Alice Kosa at the end of the 1920s

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This is me Alice Kosa, as a girl, at the end of the 1920s. I had a Jewish name - Szuri -, as one had to have. But nobody ever called me Szuri, I don't know what I would have done.

A child likes what he gets used to. The family called me Alica, called me Aliszka, but nobody called me Szuri

I finished four years of gymnasium in the Miko, I finished the fourth grade of gymnasium in 1924.

And then there was a two-years reformed school of commerce in Brasso, and I attended it, I finished my studies in 1926.

I don't believe there are any former classmates left in Brasso. I don't think they would live for so long.

I would have preferred to go to Kolozsvar, to the Jewish gymnasium, and then to become a doctor.

I would have liked to become a doctor by all means - though I wouldn't have been capable for it -, I don't know why my father sent me yet to Brasso, to the two-year commercial school.

Though I finished this two-year commercial school in Brasso, I didn't start to work, it wasn't fashionable back then [for women to work]. And women could hardly get a job in offices.

I didn't try hard either. I lived at my grandmother's for a while, until 1929, when my father rented a nice big house in Nagyborosnyo, he wanted me to go there.

Because he had two old maid sisters, and they lived together [until 1929].

But one of my old [maid] aunts got married, and so my father wanted to live separately.

Well, I went there in 1929, but my husband started to court me already, so I don't know precisely, I stayed with my father for about two years, because on 25th December 1930 I got married, and I moved to Sepsiszentgyorgy, my husband was from here.

My husband and I were almost neighbors, and my husband, as a boy visited many times a family, who were my relatives [the Frank family].

The boy and the girl of that family were my second-degree relatives, but they were younger than him, even so Jeno, my [future] husband went there to spend time.

I was attending the commercial school in Brasso, and my sister, while she went to school here [in Sepsiszentgyorgy], she stayed at grandma. And my poor sister, she was a very coquettish girl.

And when I came home for Christmas holidays, I heard that Jeno was courting my sister.

I was very upset that a grown-up man was interested in such a young girl. Well, she was still young, twelve or thirteen years old - but she was more developed than me - and he was around twenty.

So I took him for an unreliable person, and I couldn't stand him because of my sister, I didn't fancy him, and since I behaved towards him accordingly, he didn't fancy me either.

He noticed I couldn't stand him. This Frank family was raising an orphan girl, they took a great advantage of her.

One night, at twilight, I don't know why, but I went to this family.

Nobody was at home, just this adopted girl. And I entered, because I liked talking to her, I was also sorry for her, because she was orphan, and she was so exploited.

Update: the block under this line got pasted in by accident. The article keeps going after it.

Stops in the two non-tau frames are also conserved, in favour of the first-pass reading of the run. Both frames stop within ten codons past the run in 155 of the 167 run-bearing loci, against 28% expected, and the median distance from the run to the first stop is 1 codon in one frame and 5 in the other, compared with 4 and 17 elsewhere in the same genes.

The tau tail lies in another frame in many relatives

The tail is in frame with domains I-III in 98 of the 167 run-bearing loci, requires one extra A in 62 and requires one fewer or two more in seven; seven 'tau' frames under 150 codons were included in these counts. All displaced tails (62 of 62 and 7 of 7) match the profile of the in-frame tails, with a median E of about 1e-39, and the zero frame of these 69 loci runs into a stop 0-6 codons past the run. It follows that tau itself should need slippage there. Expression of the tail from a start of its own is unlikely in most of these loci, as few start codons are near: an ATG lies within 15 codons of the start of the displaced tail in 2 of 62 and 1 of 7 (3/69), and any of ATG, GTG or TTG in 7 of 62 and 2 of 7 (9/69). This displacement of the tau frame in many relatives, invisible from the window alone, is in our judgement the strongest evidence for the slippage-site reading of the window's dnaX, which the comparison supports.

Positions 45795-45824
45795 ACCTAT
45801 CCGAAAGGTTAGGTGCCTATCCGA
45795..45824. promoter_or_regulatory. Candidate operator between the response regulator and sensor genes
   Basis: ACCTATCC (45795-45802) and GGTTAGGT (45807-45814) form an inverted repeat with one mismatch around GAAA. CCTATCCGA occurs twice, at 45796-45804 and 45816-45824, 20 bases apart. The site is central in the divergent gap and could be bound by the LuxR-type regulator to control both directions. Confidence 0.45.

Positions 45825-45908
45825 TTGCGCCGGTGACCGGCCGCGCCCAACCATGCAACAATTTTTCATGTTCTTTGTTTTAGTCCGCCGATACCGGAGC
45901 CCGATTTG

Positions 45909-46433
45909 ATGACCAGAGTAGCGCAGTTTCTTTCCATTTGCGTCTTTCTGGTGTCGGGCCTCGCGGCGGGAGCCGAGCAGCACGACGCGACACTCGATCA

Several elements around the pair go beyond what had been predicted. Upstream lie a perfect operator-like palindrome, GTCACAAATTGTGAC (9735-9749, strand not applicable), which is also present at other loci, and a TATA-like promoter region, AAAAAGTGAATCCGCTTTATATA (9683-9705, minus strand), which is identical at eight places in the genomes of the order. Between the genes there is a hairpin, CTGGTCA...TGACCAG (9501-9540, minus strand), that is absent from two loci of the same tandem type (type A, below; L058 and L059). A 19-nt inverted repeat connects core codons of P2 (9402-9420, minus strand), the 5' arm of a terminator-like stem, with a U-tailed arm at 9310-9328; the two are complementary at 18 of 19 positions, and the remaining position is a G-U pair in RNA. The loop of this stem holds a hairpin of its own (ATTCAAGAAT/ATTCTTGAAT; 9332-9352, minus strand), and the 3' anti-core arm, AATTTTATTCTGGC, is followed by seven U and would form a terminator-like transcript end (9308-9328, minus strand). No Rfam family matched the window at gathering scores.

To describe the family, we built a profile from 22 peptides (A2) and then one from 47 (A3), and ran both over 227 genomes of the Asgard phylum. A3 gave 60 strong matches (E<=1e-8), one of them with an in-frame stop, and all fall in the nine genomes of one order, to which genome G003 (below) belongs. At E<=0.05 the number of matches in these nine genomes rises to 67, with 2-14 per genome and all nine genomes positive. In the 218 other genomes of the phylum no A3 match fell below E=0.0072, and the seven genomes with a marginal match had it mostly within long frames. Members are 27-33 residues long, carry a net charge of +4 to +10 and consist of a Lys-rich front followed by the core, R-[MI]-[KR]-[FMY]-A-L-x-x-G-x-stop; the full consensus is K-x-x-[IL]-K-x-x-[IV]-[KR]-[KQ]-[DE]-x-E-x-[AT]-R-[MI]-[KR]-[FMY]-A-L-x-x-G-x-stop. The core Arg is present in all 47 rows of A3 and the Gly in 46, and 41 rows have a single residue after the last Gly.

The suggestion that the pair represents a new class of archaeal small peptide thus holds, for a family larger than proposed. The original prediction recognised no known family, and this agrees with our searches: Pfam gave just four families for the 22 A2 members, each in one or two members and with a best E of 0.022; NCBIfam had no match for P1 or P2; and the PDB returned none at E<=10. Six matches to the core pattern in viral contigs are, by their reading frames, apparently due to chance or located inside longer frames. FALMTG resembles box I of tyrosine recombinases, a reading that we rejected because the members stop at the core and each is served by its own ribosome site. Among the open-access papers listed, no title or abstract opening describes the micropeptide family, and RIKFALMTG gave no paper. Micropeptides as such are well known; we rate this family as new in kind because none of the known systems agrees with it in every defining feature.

And as we were talking, once somebody is knocking at the door, and who came? Mister Kosa.

I don't know how this idea came to my mind, I thought I would be nice, let's see what would happen.

I tell you honestly, just for fun. And I received him very nicely. He was telling me stories, finally I don't know how we came to this, but I wrote something on a paper, and he wrote me back [we were corresponding].

We were sticking them to each other. How did this develop, from a joke, that finally [we got married]… it's unbelievable.

This happened in 1929, and we got married on 25th December 1930.

We organized an engagement ceremony one year before the marriage, it was a little greater [than our wedding], but not much.

I was bride for a long time, well Jeno had to acquire an employment, otherwise my father wouldn't [have given his consent].

The engagement was kept in our apartment, we rented a nice apartment with my father in 1929, when I went home.

My husband's close relatives came too: his parents, his sibling - his two brothers and their wives, then Rozsika and her husband.

But we didn't invite the first-degree cousins. And these [relatives] of mine [were there], who were in Nagyborosnyo [my father's sisters, my sister].

We didn't have a religious wedding. I told Jeno that I wouldn't quit my religion, even if I wasn't observing it, I wouldn't quit it.

I don't believe in it more, so why should I? Jeno and I walked up to the parish hall of Nagyborosnyo, and I said whoever would be there, would be the witness.

So an engineer became the witness, he worked in Brasso, at the sugarworks as an engineer, and he had just come home, and a farmer. That's on my marriage certificate.

They were in front of the parish hall, the farmer was talking to the engineer, and we asked them to be the witnesses.

My two aunts prepared a good, tasty lunch, cakes, all kinds of things, but just for the family. My husband's parents weren't there [for lunch].

Interview details

Interviewee: Alice Kosa
Emoke Major
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Sepsiszentgyorgy, Romania


Alice Kosa
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Austria-Hungary pre 1918
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